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α-Chymotrypsin was chemically modified with methoxypoly(ethylene glycol) (PEG) of different molecular weights (700, 2000, and 5000 Da) and the amount of polymer attached to the enzyme was varied systematically from 1 to 9 PEG molecules per enzyme molecule. Upon PEG conjugation enzyme catalytic turnover (kcat) decreased as much as 50% and substrate affinity was also lowered as evidenced by an increase in the Michealis-Menten constant (KM) from 0.05 up to 0.19. These effects were dependent on the amount of PEG bound to the enzyme, but independent of the PEG size. In contrast, stabilization toward thermal inactivation depended on the PEG molecular weight with conjugates with the larger PEGs being more stable.
The inherent instability of proteins, both structurally and chemically, limits their use as biocatalysts and therapeutic agents, usually due to short lifetimes when subjected to physical and/or chemical stress (Wang 2005; Polizzi et al. 2007). To improve this situation, arrays of methods aimed at producing protein formulations with superior stability have been developed. For example, addition of excipients can improve liquid- and solid-phase stability of pharmaceutical proteins, mutant proteins are created with improved thermodynamic stability or lacking chemically reactive amino acids, and proteins are modified chemically to improve both in vitro and in vivo stability (Frokjaer and Otzen 2005). Perhaps, the most common chemical modification in this context is the attachment of poly(ethylene glycol) molecules to the surface of proteins, a process commonly referred to as PEGylation (Inada et al. 1995; Veronese and Mero 2008). Initially, PEGylation was carried out in a non-specific manner with heterogeneous and impure polymers but current PEGylation reagents are amino acid specific and methods have been develop to carry out site-specific modification. PEGylation has been shown to improve the stability of pharmaceutical proteins in liquid formulations (e.g., by minimizing protein-protein interactions), in vivo after administration by injection by reducing proteolysis, renal filtration, and loss to the immune system (“stealth” formulations), and also upon encapsulation and release from biocompatible polymer microspheres for sustained release (Castellanos et al. 2005; Veronese and Mero 2008).
Nevertheless, PEGylation also has its drawbacks. For example, protein PEGylation is usually accompanied by a loss in activity (Pasut et al. 2008). The magnitude of this activity loss might depend on the number, location, and size of the PEG molecules attached to the enzyme. To select the most suitable PEG-protein conjugates for a particular application, it is required to systematically study the effects of the size of the PEG and the degree of modification on enzyme activity. Our study specifically addresses the latter issue by expanding the knowledge of the effect of PEGylation parameters on the enzymatic activity and thermal inactivation of the model protease α-chymotrypsin (α-CT). Proteases are important enzymes with a wide range of applications as biocatalysts and as therapeutic agents (Bordusa 2002; Stennicke et al. 2008). It has previously been shown that PEGylation increases the thermodynamic stability of α-CT (Rodríguez-Martínez et al. 2008), but information on how the PEGylation degree and the PEG molecular weight alter its activity and thermal inactivation is missing. To this effect, a series of PEG-α-CT conjugates was synthesized in which the amount of polymer conjugated to the enzyme (degree of PEGylation) as well as the size of the polymer were systematically varied.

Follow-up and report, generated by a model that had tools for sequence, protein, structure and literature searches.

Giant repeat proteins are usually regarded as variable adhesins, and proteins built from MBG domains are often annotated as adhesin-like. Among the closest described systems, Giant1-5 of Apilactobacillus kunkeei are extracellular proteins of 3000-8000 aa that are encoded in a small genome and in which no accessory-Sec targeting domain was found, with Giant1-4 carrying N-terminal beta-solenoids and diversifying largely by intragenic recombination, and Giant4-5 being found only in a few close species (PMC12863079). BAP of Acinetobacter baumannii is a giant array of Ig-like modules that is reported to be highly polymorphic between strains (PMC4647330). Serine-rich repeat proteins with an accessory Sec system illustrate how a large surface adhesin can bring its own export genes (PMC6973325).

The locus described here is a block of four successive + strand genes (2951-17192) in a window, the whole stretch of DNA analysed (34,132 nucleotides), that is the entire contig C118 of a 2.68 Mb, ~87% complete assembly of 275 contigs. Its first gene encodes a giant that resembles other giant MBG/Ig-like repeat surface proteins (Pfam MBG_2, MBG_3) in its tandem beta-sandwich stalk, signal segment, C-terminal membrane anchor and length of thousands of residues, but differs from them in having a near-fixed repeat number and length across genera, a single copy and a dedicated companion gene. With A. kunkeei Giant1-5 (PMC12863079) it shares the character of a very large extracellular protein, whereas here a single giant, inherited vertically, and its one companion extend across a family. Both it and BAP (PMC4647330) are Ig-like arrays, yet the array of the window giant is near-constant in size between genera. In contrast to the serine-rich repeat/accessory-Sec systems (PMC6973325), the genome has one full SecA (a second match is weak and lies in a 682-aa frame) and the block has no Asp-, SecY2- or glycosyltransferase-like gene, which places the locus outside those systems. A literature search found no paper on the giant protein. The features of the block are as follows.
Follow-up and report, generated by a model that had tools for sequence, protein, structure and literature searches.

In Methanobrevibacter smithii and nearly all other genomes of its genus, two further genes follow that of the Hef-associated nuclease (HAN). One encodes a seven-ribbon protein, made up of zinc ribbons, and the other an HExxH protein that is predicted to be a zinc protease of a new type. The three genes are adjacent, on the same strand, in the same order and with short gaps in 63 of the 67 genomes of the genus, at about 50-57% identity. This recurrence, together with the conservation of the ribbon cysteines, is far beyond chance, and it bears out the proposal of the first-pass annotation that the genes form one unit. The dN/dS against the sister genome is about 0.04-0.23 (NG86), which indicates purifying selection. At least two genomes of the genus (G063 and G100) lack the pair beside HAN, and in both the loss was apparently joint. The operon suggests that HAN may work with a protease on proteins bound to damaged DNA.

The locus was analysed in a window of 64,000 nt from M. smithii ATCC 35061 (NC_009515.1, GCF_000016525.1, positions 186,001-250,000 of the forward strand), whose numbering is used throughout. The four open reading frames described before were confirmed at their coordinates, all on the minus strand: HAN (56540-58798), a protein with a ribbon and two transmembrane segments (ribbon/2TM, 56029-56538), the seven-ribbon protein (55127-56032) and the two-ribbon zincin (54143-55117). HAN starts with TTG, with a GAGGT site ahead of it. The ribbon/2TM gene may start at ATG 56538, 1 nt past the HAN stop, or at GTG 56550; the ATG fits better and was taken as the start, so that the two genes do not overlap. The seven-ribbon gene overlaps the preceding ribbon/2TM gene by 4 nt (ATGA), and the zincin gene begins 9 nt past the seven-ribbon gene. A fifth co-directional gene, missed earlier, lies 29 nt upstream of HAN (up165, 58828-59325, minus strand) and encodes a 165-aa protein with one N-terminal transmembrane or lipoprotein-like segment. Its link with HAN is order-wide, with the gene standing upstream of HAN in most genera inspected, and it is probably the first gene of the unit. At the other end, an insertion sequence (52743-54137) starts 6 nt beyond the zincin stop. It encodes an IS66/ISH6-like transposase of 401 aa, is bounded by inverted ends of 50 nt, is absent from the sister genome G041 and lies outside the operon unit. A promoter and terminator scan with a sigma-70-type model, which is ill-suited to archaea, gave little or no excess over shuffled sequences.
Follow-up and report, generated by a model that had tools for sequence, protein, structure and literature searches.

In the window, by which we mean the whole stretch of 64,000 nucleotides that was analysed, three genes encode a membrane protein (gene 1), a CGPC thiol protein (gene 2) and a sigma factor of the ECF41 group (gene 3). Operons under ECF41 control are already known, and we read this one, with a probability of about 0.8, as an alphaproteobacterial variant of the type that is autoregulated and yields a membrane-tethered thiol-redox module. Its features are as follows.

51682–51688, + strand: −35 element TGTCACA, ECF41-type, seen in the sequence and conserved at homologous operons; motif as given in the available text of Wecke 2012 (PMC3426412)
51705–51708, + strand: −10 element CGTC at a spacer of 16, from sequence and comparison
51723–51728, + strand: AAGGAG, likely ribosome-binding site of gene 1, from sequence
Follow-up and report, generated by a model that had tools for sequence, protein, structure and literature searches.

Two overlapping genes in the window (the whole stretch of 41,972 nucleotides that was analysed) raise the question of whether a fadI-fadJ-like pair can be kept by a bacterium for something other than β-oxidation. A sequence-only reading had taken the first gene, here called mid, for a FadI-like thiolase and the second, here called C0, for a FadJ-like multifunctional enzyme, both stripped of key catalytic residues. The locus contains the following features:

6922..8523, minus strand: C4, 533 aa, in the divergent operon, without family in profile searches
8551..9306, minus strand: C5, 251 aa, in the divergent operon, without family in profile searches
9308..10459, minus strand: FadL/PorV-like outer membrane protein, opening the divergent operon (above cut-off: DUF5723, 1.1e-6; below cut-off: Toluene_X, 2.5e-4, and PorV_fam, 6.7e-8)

α-CT from bovine pancreas and N-succinyl-L-alanyl-L-alanyl-L-prolyl-L-phenylalanine-4-nitroanilide (Suc-Ala-Ala-Pro-Phe-pNA) were from Sigma-Aldrich. Methoxypoly(ethylene glycol)-succinimidyl propionate (average MW of 5,000 Da) and methoxypoly(ethylene glycol) succinimidyl-α-methylbutonoate (average MW of 2,000 Da) were from Nektar Technologies. Methoxypoly(ethylene glycol)-N-hydroxysuccinimide ester (685.71 g/mol) and 2, 4, 6-trinitrobenzene sulfonic acid (TNBSA) were from Thermo Scientific.
Chemical modification of surface exposed lysine ε-amino groups of α-CT with activated PEGs of different sizes was carried out as reported (Rodríguez-Martínez et al. 2008). In brief, 100 mg of α-CT were dissolved in 100 mM borate buffer at pH 9.2. To vary the degree of modification, different amounts of activated PEGs (700, 2000, and 5000 Da) were added to the enzyme solutions. The reaction solution was stirred for 3 h at 4°C. The reaction was stopped by lowering the pH to 5 with 1 M HCl. Unreacted PEG and buffer salts were removed by dialyzing against deionized water. The PEG-α-CT conjugates were subsequently freeze-dried and stored at −20°C until use. The degree of protein modification was determined by colorimetric titration of unreacted amino groups with TNBSA (Habeeb 1966).
The enzymatic activity of α-CT and PEG-α-CT conjugates was determined by measuring the rate of hydrolysis of the substrate Suc-Ala-Ala-Pro-Phe-pNA (Solá and Griebenow 2006a). Product formation (p-nitroaniline) was followed by measuring the absorbance at 410 nm (ε410 = 8.8 mM−1 cm−1). All reactions were carried out in 10 mM potassium phosphate buffer (pH 7.1, 25 °C). In all reactions the enzyme concentration was 0.8 μM. To determine steady state kinetic parameters, the substrate concentration was varied from 0 to 0.5 mM. Michaelis-Menten parameters (kcat and KM) were determined by non-linear regression analysis of “initial velocity vs. [substrate]” plots.
α-CT and PEG-α-CT conjugates (8 μM) were incubated at 45 °C. At different times aliquots were removed, diluted by a factor of ten, and their activity determined as described previously. The residual activity (A/A0) was calculated as the ratio of the activity at a given time (A) over the initial activity of the enzyme (A0).